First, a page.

'Murajapam' begins; devotees throng Padmanabha Swami temple

Sree Padmanabha Swami templeA view of Sree Padmanabha Swami temple where ceremonial chanting of vedic mantras is taking place. (Reuters)

Centuries-old ritual "Murajapam", chanting of mantras conducted once in every six years at the famed Sree Padmanabha Swami temple here, is attracting hundreds of devotees to the shrine.

The 56-day-long ritual, which began last week, involves the ceremonial chanting of Rigveda, Yajurveda and Samaveda by scholars from various parts of the country.

It will conclude with 'Lakshadeepam' (lighting of one lakh lamps) in the temple premises on January 14.

With the beginning of the ritual, initiated by the 18th century Travancore King Marthanda Varma, large number of devotees and vedic enthusiasts are thronging the temple to have a glimpse of the event and worship Lord Padmanabha, the principal deity, temple management sources said.

"The temple has been conducting the ritual once in every six years. Around two hundred vedic scholars, belonging to various mutts and ancient tantric families, have arrived at the shrine to participate in the 56-day-long ritual," temple administrative officer Jayasekharan Nair said.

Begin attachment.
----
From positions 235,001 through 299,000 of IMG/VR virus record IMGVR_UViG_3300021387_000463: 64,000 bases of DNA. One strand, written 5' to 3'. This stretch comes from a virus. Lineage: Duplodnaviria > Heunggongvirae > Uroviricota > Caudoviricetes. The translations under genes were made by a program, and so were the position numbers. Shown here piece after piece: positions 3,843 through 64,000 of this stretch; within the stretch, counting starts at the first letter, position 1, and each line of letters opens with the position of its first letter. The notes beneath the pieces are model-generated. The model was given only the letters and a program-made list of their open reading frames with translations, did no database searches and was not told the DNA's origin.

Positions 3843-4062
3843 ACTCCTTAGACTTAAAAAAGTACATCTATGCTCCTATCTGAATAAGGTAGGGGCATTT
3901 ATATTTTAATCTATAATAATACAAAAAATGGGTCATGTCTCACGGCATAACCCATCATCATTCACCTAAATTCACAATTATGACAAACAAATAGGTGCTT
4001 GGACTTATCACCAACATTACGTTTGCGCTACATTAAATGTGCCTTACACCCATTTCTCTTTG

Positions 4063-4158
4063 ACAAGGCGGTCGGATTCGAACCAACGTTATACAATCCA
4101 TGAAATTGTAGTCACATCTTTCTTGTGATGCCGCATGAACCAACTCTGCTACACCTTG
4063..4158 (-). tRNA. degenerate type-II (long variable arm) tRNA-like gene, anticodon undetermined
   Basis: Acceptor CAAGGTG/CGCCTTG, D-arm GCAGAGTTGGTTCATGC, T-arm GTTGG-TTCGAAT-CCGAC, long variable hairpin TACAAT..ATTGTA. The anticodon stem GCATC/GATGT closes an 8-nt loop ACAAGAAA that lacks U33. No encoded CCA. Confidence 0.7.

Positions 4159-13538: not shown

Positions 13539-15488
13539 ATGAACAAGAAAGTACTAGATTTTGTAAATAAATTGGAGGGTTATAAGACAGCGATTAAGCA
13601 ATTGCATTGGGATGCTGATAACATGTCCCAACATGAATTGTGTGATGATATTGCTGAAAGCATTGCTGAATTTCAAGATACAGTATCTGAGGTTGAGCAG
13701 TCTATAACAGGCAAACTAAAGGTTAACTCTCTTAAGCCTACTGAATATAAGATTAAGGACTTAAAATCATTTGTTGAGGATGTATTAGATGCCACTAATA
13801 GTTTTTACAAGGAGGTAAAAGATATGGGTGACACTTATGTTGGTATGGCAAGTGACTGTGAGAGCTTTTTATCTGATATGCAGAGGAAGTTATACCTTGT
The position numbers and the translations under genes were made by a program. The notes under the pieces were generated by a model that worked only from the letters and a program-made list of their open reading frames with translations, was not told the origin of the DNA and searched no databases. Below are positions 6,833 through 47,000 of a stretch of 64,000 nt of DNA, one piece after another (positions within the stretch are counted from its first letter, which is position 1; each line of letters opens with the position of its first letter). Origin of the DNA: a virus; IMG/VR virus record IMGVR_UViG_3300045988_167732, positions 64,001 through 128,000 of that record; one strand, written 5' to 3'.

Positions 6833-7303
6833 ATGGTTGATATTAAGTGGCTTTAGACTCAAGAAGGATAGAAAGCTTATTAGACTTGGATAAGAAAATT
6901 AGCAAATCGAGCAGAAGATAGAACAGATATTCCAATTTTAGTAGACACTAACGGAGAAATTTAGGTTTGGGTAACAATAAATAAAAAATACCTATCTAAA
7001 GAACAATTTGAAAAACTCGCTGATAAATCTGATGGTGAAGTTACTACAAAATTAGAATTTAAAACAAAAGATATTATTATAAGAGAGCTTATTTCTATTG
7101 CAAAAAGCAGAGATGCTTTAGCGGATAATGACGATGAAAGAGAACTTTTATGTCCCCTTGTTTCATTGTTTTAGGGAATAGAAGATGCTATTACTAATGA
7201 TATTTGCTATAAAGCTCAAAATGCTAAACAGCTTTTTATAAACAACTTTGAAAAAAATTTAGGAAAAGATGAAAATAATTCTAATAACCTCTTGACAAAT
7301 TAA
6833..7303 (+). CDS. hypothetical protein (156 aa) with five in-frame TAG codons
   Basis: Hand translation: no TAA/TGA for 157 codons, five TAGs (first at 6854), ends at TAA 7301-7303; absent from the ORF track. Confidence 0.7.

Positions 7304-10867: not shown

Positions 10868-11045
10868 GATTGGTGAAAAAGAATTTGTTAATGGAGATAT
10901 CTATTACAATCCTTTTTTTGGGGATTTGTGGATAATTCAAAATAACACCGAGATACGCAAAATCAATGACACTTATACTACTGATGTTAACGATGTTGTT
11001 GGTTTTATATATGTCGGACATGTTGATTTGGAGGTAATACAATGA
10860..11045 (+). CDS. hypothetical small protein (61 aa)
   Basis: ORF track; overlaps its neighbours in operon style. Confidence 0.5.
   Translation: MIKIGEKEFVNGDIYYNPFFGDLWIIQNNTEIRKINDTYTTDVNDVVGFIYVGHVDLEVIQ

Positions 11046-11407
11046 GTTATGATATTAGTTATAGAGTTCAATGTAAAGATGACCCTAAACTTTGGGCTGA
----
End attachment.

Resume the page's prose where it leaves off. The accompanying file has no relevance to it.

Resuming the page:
Scholars from Kanchi Kamakoti Peedam and Azhvancheri Mutt are participating in the ceremony, he said.

'Murajapam' means chanting mantras in turn. As per the tradition, the vedic matras are chanted in seven turns and each such turn consists of eight days, he said.

The idol of the principal deity, Lord Padmanabha in reclining posture, will be adorned with traditional gold ornaments in the forms of 'kamalamala' and 'sarapolimala' during the 'murajapam' days, temple sources said.

"This year, a number of cultural events including music concerts and dance programmes are also being organised outside the temple as part of the festival," the officer added.

The security in and around the temple premises has been tightened in the backdrop of the rencent recovery of huge quantity of precious stones and jewellery, worth crores of rupees, in the underground vaults of the shrine.

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